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Republican presidential candidate Donald Trump has a problem with the forthcoming presidential debate schedule, in which he will face his Democratic rival, Hillary Clinton, one-on-one.
In a series of tweets that began Friday, Trump appeared to accuse Clinton and the Democratic Party of trying to “rig” the general-election debates by scheduling them next to prime-time NFL games happening in the fall.
The Republican National Committee’s chief strategist, Sean Spicer, echoed Trump’s grievances in a CNN interview Saturday, saying, “The entire system needs to be relooked at.”
The presidential debates are organized by the Commission on Presidential Debates, a nonpartisan group that announced dates for the general-election match-ups nearly one year ago, and long before Trump won his party’s nomination.
Trump doubled down on the accusations Saturday in an ABC News interview with George Stephanopoulos: “I got a letter from the NFL saying ‘This is ridiculous. Why are the debates against prime-time games,'” Trump said.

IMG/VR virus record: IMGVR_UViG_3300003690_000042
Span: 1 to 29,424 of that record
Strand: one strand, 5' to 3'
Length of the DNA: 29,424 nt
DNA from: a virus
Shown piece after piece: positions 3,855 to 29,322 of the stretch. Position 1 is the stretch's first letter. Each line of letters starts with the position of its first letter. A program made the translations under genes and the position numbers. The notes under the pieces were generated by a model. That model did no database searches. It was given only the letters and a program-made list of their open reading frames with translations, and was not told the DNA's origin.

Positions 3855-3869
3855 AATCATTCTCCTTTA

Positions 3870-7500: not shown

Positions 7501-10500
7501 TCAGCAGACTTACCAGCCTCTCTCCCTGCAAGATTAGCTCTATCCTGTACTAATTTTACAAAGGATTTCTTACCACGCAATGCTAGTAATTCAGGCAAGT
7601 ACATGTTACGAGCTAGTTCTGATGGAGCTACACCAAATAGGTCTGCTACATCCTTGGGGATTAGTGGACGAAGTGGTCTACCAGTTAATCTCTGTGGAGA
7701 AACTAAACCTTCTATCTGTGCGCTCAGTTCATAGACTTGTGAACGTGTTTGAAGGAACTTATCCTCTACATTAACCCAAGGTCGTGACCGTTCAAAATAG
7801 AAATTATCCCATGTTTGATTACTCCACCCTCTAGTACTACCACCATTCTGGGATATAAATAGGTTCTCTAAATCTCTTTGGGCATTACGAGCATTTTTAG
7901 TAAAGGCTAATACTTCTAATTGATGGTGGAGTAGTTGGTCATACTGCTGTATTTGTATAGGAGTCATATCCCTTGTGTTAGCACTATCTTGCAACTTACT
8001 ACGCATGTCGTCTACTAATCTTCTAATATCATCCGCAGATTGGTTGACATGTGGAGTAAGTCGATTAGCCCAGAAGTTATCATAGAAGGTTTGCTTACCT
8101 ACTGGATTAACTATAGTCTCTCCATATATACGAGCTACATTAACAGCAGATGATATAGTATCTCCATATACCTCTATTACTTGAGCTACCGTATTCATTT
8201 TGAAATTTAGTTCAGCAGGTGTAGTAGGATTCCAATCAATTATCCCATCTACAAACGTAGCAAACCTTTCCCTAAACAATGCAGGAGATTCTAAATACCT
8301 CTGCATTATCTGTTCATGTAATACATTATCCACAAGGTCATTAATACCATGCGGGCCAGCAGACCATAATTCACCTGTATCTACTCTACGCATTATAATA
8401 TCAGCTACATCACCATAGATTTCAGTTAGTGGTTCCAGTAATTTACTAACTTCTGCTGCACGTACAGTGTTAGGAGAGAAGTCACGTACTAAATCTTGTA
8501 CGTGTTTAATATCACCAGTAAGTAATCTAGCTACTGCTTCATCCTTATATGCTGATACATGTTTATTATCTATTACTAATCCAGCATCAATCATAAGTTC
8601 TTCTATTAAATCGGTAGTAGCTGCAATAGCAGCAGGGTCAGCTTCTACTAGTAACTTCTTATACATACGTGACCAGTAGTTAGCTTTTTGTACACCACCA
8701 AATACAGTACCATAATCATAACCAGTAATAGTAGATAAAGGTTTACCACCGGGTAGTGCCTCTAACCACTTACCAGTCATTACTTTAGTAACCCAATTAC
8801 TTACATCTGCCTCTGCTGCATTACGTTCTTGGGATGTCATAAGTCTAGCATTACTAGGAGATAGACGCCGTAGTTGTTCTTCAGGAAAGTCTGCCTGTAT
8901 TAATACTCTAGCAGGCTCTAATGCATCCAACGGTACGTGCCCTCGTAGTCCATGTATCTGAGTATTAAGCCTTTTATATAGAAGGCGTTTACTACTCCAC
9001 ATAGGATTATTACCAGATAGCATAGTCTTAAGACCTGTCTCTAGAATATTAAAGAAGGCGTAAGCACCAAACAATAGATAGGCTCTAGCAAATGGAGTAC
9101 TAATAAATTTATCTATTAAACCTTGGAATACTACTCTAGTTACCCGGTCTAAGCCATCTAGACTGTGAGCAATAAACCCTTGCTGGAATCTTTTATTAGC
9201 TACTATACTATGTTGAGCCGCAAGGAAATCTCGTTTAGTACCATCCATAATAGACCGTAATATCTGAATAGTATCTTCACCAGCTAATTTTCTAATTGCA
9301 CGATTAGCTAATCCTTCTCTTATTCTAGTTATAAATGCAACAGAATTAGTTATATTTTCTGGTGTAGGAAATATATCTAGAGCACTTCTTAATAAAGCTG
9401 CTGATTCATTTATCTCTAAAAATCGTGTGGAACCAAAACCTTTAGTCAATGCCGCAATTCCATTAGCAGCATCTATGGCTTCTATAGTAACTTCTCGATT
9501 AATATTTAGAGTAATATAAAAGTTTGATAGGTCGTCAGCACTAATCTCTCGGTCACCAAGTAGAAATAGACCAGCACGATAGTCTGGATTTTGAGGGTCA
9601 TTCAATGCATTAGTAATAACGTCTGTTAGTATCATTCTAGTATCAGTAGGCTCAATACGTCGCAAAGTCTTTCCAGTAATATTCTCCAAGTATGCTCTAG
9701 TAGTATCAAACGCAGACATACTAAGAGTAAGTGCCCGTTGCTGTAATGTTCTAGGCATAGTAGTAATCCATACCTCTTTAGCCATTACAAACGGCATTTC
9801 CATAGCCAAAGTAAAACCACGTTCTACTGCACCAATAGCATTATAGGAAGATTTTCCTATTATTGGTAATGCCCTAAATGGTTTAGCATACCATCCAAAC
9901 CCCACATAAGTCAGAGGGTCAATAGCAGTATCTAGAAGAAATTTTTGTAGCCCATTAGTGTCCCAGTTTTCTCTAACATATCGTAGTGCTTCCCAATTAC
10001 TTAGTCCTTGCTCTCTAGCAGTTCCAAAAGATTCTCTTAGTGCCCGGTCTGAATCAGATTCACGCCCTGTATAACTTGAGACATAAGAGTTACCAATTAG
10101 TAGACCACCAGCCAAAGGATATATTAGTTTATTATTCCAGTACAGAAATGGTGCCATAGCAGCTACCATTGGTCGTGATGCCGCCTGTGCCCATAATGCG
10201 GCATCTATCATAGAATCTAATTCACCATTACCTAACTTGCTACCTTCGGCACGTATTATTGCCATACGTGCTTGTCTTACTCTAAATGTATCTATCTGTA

He added: “The NFL doesn’t want to go against the debates, because the debates are going to be pretty massive from what I understand.”
The NFL appears to have debunked Trump’s claim that the football league reached out to him. Here’s CNN’s Brian Stelter: “Top NFL spokesman tells me ‘While we’d obviously wish the debate commission could find another night, we did not send a letter to Trump.'”
Hillary Clinton’s campaign strategist, Joel Benenson, quipped, “Guessing Trump produces NFL letter he says he got when he lives up to promise to release tax returns.”
Trump famously ducked out of a Republican primary debate that was broadcast on Fox News in January, choosing instead to host a fundraiser for veterans in a competing time slot. The fundraiser’s outcome turned out to be less than favorable for Trump.